In some ways, the findings discussed in this article correspond to previous studies from Sweden [23, 43], illustrating a culture of belief in normal birth, a disapproval of fear of birth as a relevant factor for elective CS, and a focus on supporting women in having a safe delivery, with midwives playing a crucial role. The findings also support the notion that obstetricians make the final decision regarding the mode of delivery, often through a team approach, which our study suggests is an approach that aims to prevent arbitrariness as well as protect individual health professionals. However, in contrast to a previous study [23], we also find that media portrayal of the maternity and delivery care services, and discussions on social media platforms, influence CSMR practice as they contribute to shaping a preference for it among Swedish women. Our analysis also illustrates that the health professionals’ perspectives on CSMR reveal potential conflicts that may arise from person-centred care, particularly shared decision-making, even if not explicitly asked to identify such conflicts. Shared decision-making is usually defined as a collaborative approach, by which patients together with clinicians are encouraged to think about different treatment and care options, benefits and harms with these, to communicate their preferences and select the best course of action. Below, we summarize the conflicts and relate to the four ways a patient’s problematic situation can be addressed together by patients and clinicians in shared decision-making as mentioned by Montori et al. [46]: 1) matching preferences, 2) reconciling conflicts, 3) problem solving and 4) meaning making.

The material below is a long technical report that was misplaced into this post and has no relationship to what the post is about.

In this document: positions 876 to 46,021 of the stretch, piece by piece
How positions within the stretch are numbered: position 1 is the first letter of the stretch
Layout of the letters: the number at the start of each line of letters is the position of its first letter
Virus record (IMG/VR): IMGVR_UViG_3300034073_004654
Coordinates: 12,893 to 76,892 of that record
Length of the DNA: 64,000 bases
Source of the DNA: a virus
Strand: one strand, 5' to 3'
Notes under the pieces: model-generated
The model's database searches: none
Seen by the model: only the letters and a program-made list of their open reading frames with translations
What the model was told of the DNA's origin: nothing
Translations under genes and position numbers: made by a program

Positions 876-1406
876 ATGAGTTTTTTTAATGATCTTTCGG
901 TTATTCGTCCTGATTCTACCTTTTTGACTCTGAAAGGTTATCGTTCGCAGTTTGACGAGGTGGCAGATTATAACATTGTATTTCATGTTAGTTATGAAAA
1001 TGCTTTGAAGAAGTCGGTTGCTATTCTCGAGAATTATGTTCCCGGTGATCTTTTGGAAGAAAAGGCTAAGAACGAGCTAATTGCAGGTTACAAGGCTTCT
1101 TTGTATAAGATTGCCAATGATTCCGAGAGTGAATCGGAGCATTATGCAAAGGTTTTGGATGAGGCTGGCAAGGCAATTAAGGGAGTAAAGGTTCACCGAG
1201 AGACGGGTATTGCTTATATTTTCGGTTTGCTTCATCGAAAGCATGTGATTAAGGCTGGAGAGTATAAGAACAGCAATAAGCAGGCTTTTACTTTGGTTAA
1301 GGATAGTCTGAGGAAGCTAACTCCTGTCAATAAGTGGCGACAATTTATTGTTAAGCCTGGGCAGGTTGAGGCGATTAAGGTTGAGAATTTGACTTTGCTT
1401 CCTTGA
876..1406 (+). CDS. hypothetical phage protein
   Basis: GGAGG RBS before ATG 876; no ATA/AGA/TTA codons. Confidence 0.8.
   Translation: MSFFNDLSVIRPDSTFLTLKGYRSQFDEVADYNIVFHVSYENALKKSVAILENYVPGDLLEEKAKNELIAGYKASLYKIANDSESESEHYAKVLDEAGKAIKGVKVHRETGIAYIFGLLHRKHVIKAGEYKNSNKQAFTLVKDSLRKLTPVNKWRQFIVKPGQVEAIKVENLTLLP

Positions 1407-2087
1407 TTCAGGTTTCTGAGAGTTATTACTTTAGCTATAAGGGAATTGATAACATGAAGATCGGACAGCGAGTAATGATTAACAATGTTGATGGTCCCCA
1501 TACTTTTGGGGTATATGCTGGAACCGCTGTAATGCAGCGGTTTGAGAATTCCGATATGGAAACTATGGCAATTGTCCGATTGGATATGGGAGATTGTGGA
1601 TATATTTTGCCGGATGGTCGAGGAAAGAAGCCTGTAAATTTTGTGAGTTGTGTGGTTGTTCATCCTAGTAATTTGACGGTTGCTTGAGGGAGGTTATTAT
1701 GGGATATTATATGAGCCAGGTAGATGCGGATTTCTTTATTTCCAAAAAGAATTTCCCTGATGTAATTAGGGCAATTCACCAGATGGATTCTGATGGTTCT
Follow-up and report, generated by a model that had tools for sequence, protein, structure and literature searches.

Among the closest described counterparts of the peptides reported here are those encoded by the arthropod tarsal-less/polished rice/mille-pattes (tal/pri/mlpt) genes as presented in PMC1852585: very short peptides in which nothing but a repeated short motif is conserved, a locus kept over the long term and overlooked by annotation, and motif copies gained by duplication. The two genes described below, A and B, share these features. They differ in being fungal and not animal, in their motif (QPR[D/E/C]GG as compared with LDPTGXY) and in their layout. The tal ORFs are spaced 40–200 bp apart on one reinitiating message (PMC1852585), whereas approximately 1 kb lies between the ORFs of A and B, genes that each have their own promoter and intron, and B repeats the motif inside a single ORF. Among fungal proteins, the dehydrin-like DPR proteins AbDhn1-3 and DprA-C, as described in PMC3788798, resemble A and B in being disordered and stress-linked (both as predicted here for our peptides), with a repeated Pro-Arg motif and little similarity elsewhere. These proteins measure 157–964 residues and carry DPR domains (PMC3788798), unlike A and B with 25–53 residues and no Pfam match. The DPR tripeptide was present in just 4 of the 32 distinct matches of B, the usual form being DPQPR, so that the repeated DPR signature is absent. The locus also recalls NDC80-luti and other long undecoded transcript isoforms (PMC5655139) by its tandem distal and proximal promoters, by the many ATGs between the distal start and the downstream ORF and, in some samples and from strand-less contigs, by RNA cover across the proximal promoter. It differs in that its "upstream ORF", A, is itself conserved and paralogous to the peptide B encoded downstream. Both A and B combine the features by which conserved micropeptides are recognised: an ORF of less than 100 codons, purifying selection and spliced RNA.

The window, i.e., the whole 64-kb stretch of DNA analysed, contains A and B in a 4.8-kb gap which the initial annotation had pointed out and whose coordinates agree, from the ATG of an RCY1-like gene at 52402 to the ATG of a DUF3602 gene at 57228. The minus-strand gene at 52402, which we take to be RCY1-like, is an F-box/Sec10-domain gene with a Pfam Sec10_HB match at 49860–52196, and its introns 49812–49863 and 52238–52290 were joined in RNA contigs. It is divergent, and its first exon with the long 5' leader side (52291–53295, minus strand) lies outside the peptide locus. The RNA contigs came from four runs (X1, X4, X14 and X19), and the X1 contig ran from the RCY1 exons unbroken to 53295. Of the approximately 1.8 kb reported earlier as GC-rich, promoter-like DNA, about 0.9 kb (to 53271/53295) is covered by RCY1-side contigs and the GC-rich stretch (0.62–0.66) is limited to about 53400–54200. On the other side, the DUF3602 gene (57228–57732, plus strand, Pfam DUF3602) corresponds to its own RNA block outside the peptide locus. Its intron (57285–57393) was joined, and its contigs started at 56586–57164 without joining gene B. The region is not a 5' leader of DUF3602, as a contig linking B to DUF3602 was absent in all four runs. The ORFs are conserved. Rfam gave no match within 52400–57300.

Patient autonomy is one of the leading ethical principles of medical practice today [47], which Romanis ([48], p. 255) argues should not be “diminished by pregnancy”. However, the conflict involving shared decision-making versus (i) patient autonomy was a stumbling block for many health professionals in our study, not least because it challenged their professional autonomy and thus their professional preferences. Although most health professionals agreed in principle that women should have the right to decide over their own body, they did not believe this included the right to choose surgery without medical indications. This contrasts with previous research that found the vast majority of obstetricians believed women should be able to choose CSMR [49], illustrating the need for a public debate to explore how patient autonomy should be practiced in this area within healthcare.